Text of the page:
Some 200 Israeli lawyers are reportedly planning a campaign against legislation curbing the Supreme Court that seems likely to be promoted by the next government, arguing that it would erode the “foundations of Israeli democracy and society” and threatening to start a strike in the entire justice system.
Last week, Israeli media reported that Prime Minister Benjamin Netanyahu was planning to promote a bill allowing lawmakers to overrule administrative and legislative decisions by the country’s top court, including any ruling it could make against granting the premier immunity from corruption charges against him.
It would thus prevent the court from overturning both Knesset legislation and government decisions on constitutional grounds. According to the Haaretz daily, the planned bill will be included in a legal annex to coalition agreements and government guidelines. On Friday, a day after senior Likud MK Gideon Sa’ar, criticized planned immunity legislation for Netanyahu’s “personal interests,” Yariv Levin, who is leading the Likud team in the coalition talks, said the agreements would not deal with such matters.
Dozens of the attorneys are set to meet on Monday at the Tel Aviv offices of the Goldfarb Seligman law firm to formulate their campaign, the Calcalist financial news site reported Sunday.
The meeting was called by Zvi Bar-Nathan, a senior official in the law firm, who said that “we are fighting for our core values. If we don’t fiercely protect the justice system and our basic values as a liberal democracy, nobody will.
“This isn’t about right and left, and it is absolutely not a struggle of those who like or dislike the current leadership. This struggle is apolitical and needs to be embraced by anyone who cares about this country,” Bar-Nathan added.
“We recognize the legitimacy of the leadership, but unequivocally reject the legitimacy of actions that are meant to topple the rule of law — by legal means — out of personal and populist needs,” he said. “To the extent that it is up to us, it won’t happen and we won’t lend a hand to it.”
— Guy Gissin גיא גיסין (@guygissin) May 19, 2019
One of the other organizers, Guy Gissin, said the campaign would be a lengthy one, with protests gradually escalating, the report said.
“The actions being weighed include establishing a physical guard of dozens of lawyers around the Supreme Court under the slogan: ‘You’ll need to pass us,'” he said, adding that the activists could even reach the point of initiating a shutdown of the entire justice system.
A bank account for donations to the campaign has been opened, and lawyers and law firms have donated tens of thousands of shekels, the report said.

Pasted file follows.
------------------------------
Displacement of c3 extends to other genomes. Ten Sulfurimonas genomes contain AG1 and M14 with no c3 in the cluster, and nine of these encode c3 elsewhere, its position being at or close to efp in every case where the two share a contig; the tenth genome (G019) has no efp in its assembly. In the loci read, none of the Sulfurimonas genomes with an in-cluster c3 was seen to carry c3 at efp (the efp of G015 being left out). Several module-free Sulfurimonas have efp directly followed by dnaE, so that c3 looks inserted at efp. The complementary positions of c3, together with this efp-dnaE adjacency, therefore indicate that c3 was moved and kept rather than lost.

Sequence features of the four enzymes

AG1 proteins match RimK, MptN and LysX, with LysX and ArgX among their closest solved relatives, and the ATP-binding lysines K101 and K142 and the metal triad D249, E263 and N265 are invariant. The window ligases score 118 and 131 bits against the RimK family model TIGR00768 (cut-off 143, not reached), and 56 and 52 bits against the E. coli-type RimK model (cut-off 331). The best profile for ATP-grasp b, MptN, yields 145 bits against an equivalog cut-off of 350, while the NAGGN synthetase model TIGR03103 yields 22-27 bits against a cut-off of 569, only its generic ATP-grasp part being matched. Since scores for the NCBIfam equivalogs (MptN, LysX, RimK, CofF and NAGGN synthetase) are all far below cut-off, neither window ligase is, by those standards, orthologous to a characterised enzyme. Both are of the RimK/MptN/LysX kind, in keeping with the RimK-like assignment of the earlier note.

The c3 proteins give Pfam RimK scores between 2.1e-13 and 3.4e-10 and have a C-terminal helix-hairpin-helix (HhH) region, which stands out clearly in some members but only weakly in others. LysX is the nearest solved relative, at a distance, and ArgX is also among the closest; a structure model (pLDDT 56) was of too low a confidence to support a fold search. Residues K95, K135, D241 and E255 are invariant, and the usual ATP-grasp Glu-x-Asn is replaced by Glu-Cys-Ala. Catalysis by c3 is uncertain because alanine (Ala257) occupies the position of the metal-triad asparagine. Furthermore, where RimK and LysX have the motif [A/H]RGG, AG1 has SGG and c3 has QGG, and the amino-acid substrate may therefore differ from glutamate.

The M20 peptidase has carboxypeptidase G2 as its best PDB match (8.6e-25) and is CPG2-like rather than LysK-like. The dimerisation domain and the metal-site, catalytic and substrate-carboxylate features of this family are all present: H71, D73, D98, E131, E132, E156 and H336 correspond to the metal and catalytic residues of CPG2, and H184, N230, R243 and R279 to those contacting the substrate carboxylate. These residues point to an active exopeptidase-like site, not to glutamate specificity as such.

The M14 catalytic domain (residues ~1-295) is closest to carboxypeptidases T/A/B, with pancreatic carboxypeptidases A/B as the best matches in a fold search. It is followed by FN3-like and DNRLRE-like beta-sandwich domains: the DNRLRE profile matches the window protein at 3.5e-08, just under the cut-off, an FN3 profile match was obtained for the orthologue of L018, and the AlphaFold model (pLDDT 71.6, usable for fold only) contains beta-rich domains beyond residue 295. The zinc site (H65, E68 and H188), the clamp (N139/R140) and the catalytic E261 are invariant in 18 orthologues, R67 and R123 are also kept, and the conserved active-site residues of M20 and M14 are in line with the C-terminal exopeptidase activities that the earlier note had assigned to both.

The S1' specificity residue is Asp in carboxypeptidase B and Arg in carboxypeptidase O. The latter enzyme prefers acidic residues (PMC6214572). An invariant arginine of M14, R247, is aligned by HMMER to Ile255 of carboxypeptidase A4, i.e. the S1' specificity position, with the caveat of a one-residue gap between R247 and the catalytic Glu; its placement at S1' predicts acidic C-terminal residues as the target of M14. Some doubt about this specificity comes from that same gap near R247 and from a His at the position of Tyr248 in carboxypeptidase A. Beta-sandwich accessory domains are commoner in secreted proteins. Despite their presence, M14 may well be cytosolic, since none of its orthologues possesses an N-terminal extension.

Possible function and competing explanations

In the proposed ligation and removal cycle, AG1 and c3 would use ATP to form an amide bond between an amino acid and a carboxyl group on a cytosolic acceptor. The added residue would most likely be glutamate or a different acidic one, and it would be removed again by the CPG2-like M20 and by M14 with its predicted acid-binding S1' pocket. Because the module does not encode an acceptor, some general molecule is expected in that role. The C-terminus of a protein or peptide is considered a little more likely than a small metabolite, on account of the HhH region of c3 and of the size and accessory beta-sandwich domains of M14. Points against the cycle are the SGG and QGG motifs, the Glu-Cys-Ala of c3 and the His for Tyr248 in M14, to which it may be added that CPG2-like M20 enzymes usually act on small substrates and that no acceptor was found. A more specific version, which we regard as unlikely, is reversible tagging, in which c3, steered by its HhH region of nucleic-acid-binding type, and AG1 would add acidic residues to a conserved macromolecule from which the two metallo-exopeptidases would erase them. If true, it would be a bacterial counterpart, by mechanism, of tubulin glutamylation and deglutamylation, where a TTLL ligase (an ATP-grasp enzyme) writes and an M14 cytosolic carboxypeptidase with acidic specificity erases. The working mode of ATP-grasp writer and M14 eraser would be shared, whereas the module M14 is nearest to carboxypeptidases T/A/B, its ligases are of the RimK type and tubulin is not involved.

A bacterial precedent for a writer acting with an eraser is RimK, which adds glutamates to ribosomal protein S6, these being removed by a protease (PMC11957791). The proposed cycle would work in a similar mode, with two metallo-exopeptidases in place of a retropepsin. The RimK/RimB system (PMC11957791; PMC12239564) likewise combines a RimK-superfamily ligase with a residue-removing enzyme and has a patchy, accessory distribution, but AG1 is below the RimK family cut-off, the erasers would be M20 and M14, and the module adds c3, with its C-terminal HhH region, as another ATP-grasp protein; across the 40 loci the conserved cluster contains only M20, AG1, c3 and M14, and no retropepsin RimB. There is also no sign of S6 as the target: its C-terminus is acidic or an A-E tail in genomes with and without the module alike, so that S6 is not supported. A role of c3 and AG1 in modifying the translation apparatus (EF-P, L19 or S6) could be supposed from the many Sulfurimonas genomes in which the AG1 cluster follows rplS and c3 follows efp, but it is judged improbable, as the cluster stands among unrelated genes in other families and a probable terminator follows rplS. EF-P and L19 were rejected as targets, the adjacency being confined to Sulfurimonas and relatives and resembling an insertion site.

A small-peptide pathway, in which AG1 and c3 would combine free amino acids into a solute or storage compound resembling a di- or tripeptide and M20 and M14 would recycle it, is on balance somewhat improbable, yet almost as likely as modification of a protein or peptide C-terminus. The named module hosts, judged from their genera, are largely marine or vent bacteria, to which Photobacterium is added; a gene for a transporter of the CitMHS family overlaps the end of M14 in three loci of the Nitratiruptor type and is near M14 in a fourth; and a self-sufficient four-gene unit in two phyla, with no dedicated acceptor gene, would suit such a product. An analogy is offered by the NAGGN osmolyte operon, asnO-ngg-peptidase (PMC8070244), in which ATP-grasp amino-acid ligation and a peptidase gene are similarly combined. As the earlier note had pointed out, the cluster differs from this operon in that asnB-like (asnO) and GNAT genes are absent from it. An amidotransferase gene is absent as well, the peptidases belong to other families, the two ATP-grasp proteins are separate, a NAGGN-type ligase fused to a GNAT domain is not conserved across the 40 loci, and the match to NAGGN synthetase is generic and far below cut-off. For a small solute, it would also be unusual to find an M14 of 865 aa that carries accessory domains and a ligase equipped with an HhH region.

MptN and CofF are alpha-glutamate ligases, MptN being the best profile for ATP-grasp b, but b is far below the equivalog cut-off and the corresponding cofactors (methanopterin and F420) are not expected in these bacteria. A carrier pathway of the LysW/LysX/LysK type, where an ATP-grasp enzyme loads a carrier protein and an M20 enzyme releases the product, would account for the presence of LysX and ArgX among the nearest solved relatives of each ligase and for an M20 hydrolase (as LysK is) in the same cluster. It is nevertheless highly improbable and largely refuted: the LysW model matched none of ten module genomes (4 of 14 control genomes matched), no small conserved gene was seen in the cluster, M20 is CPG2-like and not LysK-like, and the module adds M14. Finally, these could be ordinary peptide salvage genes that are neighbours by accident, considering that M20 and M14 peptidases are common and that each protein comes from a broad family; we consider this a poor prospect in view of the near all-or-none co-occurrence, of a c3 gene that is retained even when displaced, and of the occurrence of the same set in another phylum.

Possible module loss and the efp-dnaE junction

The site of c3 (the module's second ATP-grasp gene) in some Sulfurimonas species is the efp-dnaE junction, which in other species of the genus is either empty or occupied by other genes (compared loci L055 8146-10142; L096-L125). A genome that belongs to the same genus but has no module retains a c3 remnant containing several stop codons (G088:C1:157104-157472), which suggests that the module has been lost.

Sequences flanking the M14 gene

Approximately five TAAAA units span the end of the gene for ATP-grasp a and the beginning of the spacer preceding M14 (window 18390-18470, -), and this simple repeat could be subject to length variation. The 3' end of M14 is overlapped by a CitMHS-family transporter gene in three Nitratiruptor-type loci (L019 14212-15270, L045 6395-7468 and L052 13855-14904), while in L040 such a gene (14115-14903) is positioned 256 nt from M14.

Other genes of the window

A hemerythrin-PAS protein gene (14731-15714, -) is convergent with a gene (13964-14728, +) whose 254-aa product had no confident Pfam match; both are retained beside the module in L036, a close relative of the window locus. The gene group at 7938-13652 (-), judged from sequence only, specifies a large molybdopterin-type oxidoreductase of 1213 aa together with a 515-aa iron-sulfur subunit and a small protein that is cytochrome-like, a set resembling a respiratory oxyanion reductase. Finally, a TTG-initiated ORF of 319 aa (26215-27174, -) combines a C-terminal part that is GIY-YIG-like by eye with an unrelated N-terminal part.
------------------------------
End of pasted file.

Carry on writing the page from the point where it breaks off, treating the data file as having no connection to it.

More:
Equating Netanyahu’s push with legislation passed by Turkish President Recep Tayyip Erdogan that enables him to rule for decades, Gissin slammed the efforts as “an Erdoganization process that contradicts the principles of liberty, justice and equality upon which the state was established.”
One of the objectives of the proposed legislation in coalition talks is thought to be a possible Knesset decision to grant Netanyahu retroactive immunity in a series of criminal cases in which he is facing an indictment. Netanyahu has denied that is the case.
The prime minister is facing charges for fraud and breach of trust in three corruption cases, and bribery in one of them. Netanyahu, who by law is entitled to a pre-trial hearing with the attorney general before an indictment is formally filed, has denied any wrongdoing and claims the corruption accusations are aimed at forcing him from office.
In a Facebook post last week, Netanyahu wrote that he has always supported “a strong and independent court — but that does not mean an all-powerful court.”
“Misleading leaks and distorted commentary published by the media include proposals that are untrue,” he said. “All this is being done to sow fear and prevent any changes, in an attempt to block the restoration of balance between the branches [of government].”
Netanyahu added that such balance was “required to pass laws that have been struck down in the past, laws the public expects us to pass: the expulsion of terrorists’ families, the death penalty for terrorists and a deportation law for [African migrants].”
In fact, only the deportation of illegal immigrants has been blocked by the courts in the past. The other two bills have not yet cleared the legislative process, having been bogged down by various disagreements and difficulties.